Andrew Shoben on how a ‘design capital’ should view public art
by Herman Manson Andrew Shoben makes art in public spaces. His artists’collective, greyworld, has become known for creating artwork in mostly urban spaces that resonates with many rather than an ‘arty’ few.
So they famously tuned sets of street railings in cities around Europe so that when you ran a stick along them they played “The Girl from Ipanema.” More recently they created a public art installation for the launch of the Nokia N8 at Nokia World that allowed you “splash” digital content onto a wall of LED lights using an app on the phone. Earlier this year a large ‘ball of light’ become a ‘sun’ over London’s Trafalgar Square to give ‘Londoners a brighter start’ to an otherwise cold, dark and dreary Monday morning. The sun was commissioned by Tropicana fruit juice.
Shoben, a Professor of Public Art at Goldsmiths University, was a guest speaker at the Design Indaba 2012.
Herman Manson: What does public art contribute to city environments?
Andrew Shoben: Good public art creates several positive outcomes – a sense of place, and identity for an area and a local audience. It also creates thoughts – discussion, both positive and negative in areas of cities where often things can seem impersonal and distant. And in greyworld’s work, it creates an opportunity to play and to create.
Manson: Have most city administrations come around to its benefits or do you still experience resistance from time to time?
Shoben: City administrations appreciate the effect that good art can have. The problem is usually who chooses good art? There’s a lot of easy, anonymous, lowest common denominator bland work being commissioned. Shame.
Manson: How would you measure the effectiveness of a public art installation?
Shoben: Well, there are the usual methods of polling and interviewing, media interest and suchlike. I like to sit and watch the audience as they interact with our installations. You quickly get an idea of how engaged or otherwise people are with your work.
Manson: Why is so little public art installations taking place in more informal urban environments where most city dwellers now live?
Shoben: Those areas have always been greyworld’s zones of preference. But you’re right, the town square, and the office forecourt are the kinds of “prestige” areas that have become the defacto place of art.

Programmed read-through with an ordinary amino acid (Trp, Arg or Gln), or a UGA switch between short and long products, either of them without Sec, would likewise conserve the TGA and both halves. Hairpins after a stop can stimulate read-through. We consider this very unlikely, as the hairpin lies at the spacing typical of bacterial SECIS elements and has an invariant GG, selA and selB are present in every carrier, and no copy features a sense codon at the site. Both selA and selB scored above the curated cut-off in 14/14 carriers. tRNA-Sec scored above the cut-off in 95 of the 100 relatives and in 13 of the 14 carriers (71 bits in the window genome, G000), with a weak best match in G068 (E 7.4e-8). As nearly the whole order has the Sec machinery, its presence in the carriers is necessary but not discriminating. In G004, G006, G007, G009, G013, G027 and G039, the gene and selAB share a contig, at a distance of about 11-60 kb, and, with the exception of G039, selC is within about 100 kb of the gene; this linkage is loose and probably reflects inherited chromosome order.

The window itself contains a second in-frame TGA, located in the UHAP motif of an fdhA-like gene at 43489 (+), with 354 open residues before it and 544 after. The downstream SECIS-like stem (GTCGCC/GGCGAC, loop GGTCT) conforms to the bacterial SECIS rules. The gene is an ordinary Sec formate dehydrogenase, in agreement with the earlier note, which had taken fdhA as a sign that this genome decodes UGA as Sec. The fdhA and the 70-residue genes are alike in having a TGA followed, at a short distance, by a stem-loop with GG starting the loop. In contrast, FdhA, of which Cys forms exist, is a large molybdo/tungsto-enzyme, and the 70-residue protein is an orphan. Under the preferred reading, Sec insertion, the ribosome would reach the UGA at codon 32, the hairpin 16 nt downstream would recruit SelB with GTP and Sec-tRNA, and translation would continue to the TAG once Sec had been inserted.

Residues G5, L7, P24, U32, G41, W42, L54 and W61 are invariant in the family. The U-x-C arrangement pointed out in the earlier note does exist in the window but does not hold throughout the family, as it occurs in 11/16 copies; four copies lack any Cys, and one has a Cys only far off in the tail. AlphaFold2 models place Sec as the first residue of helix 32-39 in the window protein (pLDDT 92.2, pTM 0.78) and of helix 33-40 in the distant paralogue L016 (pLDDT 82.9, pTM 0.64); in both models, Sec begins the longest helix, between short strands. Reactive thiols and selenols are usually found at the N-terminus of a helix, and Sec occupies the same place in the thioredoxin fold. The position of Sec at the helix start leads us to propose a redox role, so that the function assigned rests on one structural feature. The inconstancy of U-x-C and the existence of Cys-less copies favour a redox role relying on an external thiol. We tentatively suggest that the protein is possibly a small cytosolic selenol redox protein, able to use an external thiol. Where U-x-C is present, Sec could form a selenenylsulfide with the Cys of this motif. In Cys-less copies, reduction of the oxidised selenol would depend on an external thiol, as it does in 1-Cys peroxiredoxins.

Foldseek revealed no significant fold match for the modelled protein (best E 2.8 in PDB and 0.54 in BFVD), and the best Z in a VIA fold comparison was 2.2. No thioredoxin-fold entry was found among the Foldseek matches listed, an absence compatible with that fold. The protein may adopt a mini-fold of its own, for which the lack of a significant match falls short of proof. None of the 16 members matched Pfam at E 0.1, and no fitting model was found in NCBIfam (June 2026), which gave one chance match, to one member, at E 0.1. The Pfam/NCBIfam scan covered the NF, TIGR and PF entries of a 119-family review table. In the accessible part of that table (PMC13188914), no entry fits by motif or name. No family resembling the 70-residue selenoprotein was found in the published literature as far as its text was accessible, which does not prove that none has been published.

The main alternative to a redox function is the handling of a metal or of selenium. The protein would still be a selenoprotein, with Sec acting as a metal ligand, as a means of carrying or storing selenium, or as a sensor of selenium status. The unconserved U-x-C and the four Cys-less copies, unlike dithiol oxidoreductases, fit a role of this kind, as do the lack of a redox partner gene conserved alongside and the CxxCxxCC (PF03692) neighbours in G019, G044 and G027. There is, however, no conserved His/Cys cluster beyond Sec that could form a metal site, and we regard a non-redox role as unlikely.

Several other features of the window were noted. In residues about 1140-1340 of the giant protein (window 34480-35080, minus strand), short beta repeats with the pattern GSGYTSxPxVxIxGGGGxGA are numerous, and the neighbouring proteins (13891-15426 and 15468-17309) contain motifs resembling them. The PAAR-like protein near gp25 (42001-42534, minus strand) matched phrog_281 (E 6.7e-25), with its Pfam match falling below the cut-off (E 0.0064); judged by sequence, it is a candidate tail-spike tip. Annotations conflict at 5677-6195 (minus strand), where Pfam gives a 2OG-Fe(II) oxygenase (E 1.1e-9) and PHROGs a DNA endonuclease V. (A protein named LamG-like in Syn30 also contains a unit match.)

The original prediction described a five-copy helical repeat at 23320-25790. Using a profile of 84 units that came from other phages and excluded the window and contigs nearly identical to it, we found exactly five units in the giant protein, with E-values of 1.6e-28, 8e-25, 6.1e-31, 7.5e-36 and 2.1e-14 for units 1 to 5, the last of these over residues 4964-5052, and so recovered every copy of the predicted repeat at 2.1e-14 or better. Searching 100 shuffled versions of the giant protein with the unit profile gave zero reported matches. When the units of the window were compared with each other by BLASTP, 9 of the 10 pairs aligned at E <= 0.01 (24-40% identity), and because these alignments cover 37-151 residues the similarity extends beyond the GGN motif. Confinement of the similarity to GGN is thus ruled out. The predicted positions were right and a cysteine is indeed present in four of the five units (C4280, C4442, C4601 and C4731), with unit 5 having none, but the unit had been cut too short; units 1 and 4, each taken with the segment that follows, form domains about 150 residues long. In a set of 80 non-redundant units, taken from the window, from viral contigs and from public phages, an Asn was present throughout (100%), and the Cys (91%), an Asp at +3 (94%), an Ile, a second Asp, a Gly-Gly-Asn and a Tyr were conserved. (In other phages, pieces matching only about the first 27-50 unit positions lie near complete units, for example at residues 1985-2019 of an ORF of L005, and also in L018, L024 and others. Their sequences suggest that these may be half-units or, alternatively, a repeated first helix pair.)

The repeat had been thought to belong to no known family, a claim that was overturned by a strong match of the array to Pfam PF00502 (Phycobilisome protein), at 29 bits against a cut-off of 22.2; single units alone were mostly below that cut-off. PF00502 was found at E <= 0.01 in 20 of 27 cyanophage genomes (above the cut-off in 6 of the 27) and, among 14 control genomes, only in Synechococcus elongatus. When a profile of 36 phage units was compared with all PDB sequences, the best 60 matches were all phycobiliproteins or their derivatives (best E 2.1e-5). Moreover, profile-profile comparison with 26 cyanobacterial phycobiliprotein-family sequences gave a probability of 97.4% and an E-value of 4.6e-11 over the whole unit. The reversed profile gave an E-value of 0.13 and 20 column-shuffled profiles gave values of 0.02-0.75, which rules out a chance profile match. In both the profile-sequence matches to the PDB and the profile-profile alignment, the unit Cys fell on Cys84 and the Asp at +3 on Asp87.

Manson: In Cape Town, Coca-Cola has had a hugely successful public art initiative in the form of Cratefan – a ‘statue’, built with red Coke crates. To what extent is corporations becoming involved in public art and what do they need to keep in mind when they do?
Shoben: Corporations and wealthy individuals have always been involved in commissioning art. More and more, they have realised that they don’t need to paint a giant logo on it, or make it out of their product, for people to appreciate it, and find affection for the brand. “Sympathetic marketing,” a light touch, is much more suitable as consumers become even more savvy at recognising adverts.
Manson: Cape Town is preparing for 2014 when it will take up the World Design Capital title. How much is public art a signal of a city’s design ‘health’ and what would you like a to see a ‘Design Capital’ do to stimulate public art?
Shoben: Public art certainly can reflect a city’s health – but it need not be confused with wealth. Public art doesn’t need to cost the earth, it needs to be well thought through, and relevant. The best way to do this is to involve the artists as early as possible in the process.
A Design Capital should think of art not just as a something placed in somewhere, but as a system – allow as many people as possible to interact, comment, create and even creatively destroy the city’s art elements.
Originally published on Bizcommunity.com Marketing & Media | South Africa – click to see more comments.